In January 2012, in his State of the City address, Salt Lake City Mayor Ralph Becker announced the launch of the Terminal Redevelopment Program for the Salt Lake City International Airport, to be phased in over the next 8-10 years, generate 24,000 jobs, and cost around $1.8 Billion (the latest cost projection shows it to $3.6 Billion).  The new airport would have a single terminal, new concourses, new parking facilities, a new, expanded, and centralized light rail station, as well as the requisite support facilities to handle it all.  Request for Proposals went out and Holder-Big D Construction was selected as the construction manager at risk in October, 2013.  Work began immediately, with groundbreaking in July 2014.  Opening of the new terminal was originally slated to open in 2018, but like most major construction projects that have major changes partway through, that has been pushed back to 2020, and they are on track for that.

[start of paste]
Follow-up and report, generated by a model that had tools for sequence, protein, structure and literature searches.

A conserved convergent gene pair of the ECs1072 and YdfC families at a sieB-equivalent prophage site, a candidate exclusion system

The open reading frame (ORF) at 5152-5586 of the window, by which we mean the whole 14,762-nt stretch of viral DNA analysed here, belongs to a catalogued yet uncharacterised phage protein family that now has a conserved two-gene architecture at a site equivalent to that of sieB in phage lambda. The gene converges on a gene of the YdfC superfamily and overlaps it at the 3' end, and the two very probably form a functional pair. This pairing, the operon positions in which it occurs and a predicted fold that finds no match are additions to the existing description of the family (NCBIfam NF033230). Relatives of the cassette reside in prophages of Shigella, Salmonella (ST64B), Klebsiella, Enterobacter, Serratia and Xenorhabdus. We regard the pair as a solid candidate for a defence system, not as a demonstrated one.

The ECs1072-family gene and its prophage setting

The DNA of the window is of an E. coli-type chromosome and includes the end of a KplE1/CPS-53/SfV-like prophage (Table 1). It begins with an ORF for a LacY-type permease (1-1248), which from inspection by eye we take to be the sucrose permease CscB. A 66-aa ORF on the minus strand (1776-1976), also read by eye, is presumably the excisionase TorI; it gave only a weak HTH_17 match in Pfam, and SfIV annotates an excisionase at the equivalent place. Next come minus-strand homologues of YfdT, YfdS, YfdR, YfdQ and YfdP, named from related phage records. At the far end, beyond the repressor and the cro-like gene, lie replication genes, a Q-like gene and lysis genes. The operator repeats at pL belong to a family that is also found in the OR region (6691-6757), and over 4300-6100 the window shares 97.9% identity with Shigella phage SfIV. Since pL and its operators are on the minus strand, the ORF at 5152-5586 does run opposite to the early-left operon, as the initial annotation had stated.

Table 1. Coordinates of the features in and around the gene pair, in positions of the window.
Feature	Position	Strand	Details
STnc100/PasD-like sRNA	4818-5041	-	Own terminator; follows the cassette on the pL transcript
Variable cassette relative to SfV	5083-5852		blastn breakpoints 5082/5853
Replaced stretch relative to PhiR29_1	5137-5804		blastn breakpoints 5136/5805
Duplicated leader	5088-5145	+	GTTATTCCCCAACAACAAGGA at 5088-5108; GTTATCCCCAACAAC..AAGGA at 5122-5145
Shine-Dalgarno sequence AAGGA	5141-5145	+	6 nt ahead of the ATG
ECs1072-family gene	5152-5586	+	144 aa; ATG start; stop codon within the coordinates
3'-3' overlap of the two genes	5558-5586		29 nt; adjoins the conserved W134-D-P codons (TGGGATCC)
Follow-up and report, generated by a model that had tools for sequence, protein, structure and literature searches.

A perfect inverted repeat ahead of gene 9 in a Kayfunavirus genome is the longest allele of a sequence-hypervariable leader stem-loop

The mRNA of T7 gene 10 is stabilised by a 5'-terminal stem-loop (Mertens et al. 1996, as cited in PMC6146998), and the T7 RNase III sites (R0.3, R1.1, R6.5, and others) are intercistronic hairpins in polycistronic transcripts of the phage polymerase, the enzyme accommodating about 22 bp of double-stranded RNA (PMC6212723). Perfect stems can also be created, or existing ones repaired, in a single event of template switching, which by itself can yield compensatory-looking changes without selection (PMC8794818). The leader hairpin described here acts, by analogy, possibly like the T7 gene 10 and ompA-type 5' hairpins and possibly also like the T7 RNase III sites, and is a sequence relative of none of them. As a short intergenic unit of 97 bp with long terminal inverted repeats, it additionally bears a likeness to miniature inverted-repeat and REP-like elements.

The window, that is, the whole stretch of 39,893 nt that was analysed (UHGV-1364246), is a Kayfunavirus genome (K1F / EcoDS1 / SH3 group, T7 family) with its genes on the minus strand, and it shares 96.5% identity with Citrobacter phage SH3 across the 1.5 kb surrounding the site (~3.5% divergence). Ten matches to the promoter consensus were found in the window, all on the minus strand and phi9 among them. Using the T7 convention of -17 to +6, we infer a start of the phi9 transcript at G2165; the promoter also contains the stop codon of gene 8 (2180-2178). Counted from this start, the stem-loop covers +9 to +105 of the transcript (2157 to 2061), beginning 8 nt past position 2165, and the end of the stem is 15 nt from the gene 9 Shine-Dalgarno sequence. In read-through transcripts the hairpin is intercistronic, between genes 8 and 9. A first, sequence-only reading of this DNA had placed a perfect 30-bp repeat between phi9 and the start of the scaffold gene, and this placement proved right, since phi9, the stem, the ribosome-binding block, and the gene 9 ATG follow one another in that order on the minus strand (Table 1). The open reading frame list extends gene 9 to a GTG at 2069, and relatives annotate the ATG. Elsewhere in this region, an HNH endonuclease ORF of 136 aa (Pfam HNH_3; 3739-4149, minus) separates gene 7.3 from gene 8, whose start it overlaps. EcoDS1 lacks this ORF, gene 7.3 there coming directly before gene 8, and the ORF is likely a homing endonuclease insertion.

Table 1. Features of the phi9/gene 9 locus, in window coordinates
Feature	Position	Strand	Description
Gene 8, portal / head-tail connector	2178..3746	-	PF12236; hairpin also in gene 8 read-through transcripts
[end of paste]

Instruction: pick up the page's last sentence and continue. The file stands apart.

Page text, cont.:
Photo Credit SLC Dept of Airports
The 700,000 square foot Main Terminal has 3 floors, the bottom floor housing International Baggage Claim, Customs, commercial vehicle drop-off, employee security screening, and the main baggage handling system.  Level 2 includes access to the pedestrian bridges to the parking structure, passenger pickup, Domestic Baggage Claim, TSA Security checkpoints for passengers along with access to the gates and concourses, and retail and dining option both pre- and post security.  Level 3 is passenger drop-off, Ticketing and Check-In, and Airport Administration office spaces.

Photo Credit SLC Dept of Airports